• Looking to the future: volumetric video, the metaverse etc.

Q&A with guest speaker Faine Greenwood, UAS consultant and senior spatial data scientist at MassDOT’s Drone Pilot Program.

Ben Kreimer

Ben Kreimer is a creative technologist working on enduring journalistic and communications applications for drones, 360° video, photogrammetric 3D reconstructions, spatial audio, volumetric video, and other emerging and emerged media technologies. Through global collaborations with journalists, scholars, students, artists, mission-driven organizations, and businesses, he focuses on democratizing access to hardware and software tools, including the use of open-source platforms and low-cost hacks and materials.

As BuzzFeed Open Lab Beta Fellow in 2015, he designed open-source 3D printed 360° camera kits for reporters and co-produced many of BuzzFeed’s early 360° videos. The first received over 6 million views. Ben has consulted on multiple National Science Foundation funded projects, and done interdisciplinary work with Columbia University’s Tow Center for Digital Journalism, the Ford Foundation, USC Annenberg, the University of Nebraska’s Johnny Carson Center for Emerging Media Arts, Georgia Tech’s School of Building Construction, The Times of India, Australia’s Department of Foreign Affairs and Trade innovationXchange, CCTV Africa, African Wildlife Foundation, Antiochia ad Cragum Archaeological Research Project, Drone Journalism Lab, and other international organizations.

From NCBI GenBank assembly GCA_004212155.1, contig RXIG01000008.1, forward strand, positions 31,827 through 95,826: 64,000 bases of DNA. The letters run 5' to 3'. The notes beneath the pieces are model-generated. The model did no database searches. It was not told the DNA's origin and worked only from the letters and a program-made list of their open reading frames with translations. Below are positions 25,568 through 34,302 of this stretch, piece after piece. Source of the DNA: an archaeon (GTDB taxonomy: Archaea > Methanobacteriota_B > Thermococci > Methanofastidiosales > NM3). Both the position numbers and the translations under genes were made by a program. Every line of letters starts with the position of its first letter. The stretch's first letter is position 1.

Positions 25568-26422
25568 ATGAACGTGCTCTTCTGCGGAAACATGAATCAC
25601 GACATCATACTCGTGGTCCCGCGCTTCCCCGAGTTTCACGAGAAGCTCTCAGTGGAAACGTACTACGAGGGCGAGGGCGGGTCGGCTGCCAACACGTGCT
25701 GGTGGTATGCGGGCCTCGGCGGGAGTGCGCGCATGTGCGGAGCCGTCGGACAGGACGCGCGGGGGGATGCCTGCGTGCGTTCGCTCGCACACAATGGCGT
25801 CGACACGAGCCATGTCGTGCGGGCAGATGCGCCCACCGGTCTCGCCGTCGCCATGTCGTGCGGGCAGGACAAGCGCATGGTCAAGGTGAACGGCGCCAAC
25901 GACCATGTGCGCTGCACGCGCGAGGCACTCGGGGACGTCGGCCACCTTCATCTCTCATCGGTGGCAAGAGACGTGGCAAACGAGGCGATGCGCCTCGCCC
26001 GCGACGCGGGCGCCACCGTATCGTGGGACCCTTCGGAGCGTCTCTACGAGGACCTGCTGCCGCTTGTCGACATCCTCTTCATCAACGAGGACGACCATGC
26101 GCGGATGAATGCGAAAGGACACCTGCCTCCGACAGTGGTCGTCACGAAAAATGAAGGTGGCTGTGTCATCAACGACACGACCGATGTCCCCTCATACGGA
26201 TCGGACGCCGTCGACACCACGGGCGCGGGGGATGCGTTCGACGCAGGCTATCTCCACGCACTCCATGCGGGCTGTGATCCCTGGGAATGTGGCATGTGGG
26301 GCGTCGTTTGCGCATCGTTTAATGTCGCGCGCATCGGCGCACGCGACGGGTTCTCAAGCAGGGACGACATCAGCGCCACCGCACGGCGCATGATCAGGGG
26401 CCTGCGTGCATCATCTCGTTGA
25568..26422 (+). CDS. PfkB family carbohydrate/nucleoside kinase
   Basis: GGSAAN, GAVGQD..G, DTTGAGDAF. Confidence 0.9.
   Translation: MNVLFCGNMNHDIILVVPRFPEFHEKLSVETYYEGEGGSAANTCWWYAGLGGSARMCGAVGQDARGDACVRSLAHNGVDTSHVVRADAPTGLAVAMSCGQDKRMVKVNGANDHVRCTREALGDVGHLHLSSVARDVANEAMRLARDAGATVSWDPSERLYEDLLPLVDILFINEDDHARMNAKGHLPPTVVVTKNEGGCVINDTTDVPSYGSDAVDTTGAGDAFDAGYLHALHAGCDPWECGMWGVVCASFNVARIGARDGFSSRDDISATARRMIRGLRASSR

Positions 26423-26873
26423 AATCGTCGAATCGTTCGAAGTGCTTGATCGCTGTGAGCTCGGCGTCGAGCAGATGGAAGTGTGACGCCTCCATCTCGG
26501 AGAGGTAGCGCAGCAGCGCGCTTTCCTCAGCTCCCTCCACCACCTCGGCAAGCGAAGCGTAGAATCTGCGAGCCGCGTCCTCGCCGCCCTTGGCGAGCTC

Ben has presented his work globally at conferences, including Media Party Africa and the Digital Innovators’ Summit in Berlin, and universities, including Daystar University (Nairobi), the University of Hyderabad, NYU, Yale, Stanford, and Harvard. He has given media and technology workshops at the Poynter Institute for Media Studies, University of Oregon, NBOstorylab in Kenya, and Electric South’s AR/VR Lab in Cape Town and elsewhere. He is a 2019 Forbes 30-Under-30 honoree for his contributions to the media industry.

National Public Radio, Al Jazeera, the Washington Post, and other global media outlets have covered his work.

Knight Center for Journalism in the Americas
300 West Dean Keeton
Room 3.212
Austin, TX, 78712

Phone: 512-471-1391

Email: journalismcourses@austin.utexas.edu